I have been writing for Catster for nearly a decade. It was early in my first year that I learned one of the basic tenets of writing about animals on the Internet: Write about cat food or dog food and ye shall be flamed.
Whenever I write about pet food I think of Kathy Bates’ character in The Waterboy. To her, football (or as she put it, foosball) was the devil.
Well, for every cat food and dog food out there — no matter whether dry or canned, homemade or commercial, raw or cooked, premium or bargain basement — there is someone (or usually many someones) who believes it is the devil. And they’re not afraid to say so.
Why do people go berserk in the comments whenever I (or anyone) write about cat food? I have no explanation for this. People’s opinions are held so strongly that discussing cat and dog food is like discussing religion. It’s best not to do it. (I once wrote a tongue-in-cheek post asking why people get so fired up about pet food, comparing their zeal to that of people defending their religions, and predictably I was deluged with furious comments from livid people.)
Another insufferable insult that is thrown in my face by food-is-the-devil types is the slanderous assertion that veterinarians (and therefore I) have been bought off by pet food companies. No such luck. Iams once flew me to Dayton, Ohio, to tour its plant. Purina once flew me to Atlanta, Georgia, for a nutrition symposium. I appreciated both trips, but I continue to feed a different brand to my pal Buster — a brand that has never given me a penny. In fact, I buy Buster’s food at the pet store just like everyone else, and I don’t get a discount. Those two trips mean that I have benefitted far more than most vets from pet food company largess (if that’s what you’d call it). If I haven’t been bought off, then neither have most other vets.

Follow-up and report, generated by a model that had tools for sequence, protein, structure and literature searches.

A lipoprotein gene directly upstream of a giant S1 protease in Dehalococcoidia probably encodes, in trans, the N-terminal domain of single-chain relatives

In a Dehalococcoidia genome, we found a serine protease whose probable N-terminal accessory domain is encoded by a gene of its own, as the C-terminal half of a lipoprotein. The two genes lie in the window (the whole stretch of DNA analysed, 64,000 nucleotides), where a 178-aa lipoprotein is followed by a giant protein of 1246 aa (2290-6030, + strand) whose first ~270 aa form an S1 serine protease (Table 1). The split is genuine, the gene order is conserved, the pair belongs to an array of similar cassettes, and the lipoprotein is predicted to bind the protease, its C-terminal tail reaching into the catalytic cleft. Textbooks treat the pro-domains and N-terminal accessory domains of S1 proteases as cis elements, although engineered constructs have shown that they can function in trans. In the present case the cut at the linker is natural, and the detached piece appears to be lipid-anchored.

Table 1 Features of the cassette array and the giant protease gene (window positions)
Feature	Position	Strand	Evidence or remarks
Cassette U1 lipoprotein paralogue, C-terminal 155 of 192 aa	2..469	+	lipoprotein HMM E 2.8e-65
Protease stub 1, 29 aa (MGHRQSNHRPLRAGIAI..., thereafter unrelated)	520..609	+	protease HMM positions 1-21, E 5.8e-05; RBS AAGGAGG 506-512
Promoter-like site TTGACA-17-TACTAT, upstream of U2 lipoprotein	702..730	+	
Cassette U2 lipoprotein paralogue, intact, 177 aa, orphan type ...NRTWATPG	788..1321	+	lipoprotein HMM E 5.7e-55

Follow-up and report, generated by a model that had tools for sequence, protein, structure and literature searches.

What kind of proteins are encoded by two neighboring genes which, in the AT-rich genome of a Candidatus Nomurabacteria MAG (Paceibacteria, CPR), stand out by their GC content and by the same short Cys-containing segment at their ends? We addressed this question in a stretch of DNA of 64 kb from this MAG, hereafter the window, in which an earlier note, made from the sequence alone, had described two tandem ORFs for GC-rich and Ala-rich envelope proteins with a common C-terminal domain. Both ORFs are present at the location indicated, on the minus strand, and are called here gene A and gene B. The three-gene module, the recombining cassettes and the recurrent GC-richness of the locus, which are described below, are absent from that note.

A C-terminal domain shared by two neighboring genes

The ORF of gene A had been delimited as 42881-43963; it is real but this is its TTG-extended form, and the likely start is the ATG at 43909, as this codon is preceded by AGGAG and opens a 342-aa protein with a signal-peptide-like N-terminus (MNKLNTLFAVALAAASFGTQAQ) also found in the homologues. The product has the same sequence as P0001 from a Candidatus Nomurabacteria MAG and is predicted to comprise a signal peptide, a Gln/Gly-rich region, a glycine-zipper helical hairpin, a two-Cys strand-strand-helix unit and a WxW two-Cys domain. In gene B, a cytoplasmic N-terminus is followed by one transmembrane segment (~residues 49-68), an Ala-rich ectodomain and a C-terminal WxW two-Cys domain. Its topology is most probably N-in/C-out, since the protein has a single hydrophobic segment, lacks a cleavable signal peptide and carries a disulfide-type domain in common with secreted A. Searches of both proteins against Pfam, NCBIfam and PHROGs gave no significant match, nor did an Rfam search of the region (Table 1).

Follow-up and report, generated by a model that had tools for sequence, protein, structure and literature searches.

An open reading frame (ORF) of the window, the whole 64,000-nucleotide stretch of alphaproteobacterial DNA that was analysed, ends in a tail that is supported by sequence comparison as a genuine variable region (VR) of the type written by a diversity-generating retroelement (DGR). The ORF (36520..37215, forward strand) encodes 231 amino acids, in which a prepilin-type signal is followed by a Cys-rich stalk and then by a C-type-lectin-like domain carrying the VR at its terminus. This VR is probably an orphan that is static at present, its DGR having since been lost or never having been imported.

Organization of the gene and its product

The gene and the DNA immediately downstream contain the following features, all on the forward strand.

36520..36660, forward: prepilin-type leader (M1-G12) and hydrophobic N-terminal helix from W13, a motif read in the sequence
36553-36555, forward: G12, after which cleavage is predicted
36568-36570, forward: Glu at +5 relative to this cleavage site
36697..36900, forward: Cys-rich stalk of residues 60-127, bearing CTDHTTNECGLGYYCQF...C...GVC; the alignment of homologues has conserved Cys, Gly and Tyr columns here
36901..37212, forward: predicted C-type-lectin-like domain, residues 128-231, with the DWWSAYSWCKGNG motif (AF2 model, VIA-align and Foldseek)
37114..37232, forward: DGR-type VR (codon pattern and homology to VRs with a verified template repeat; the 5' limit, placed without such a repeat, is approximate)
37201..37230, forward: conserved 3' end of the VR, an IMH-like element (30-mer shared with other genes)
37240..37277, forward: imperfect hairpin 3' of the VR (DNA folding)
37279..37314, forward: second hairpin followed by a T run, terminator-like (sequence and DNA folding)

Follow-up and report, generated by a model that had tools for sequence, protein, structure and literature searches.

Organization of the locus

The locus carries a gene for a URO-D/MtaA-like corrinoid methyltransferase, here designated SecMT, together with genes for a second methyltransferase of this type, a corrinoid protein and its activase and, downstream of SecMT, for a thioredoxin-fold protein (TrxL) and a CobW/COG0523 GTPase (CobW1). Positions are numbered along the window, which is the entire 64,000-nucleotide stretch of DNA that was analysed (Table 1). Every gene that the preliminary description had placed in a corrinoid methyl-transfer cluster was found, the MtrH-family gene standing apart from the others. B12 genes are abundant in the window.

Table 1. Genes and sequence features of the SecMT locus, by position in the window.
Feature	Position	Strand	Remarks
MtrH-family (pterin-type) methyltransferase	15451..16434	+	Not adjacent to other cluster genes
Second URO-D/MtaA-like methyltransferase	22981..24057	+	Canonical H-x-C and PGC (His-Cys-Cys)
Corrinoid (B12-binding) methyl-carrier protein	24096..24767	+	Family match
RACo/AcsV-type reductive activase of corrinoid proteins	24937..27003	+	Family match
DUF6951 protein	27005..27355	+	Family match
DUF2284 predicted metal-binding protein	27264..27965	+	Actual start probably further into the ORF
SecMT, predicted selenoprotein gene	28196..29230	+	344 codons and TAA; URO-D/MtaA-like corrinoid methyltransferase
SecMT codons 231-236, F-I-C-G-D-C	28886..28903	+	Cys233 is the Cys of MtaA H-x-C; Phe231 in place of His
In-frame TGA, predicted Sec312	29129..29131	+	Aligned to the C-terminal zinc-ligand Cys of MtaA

There is no doubt about it. I’m reluctant to write about pet food. So when my editors at Catster asked me to write a column about dry food versus wet food I tried to ignore the suggestion at first. But the suggestion kept coming up, and in fact it’s a very good question. So, livid commenters be damned. I’m writing about cat food this week.
I’ll cut to the chase: Cats are very adaptable creatures, and I have known thousands of cats thriving on canned food. I also have known thousands of cats thriving on kibble. In fact, most cats can do quite well on either canned or dry food. The currently ascendant school of thought holds that canned food is better than dry, but it cannot be said that either type of food is definitively better than the other.
Canned food and kibble seem like very different things. But in fact they differ significantly only on one parameter: water content. Canned food has more water. In general they’re otherwise nutritionally equivalent.
For many years, a predominant school of thought held that dry food was better for cats’ teeth. The theory was that the chewing involved in consuming dry food helped to clean debris off the teeth and reduce the severity of dental disease.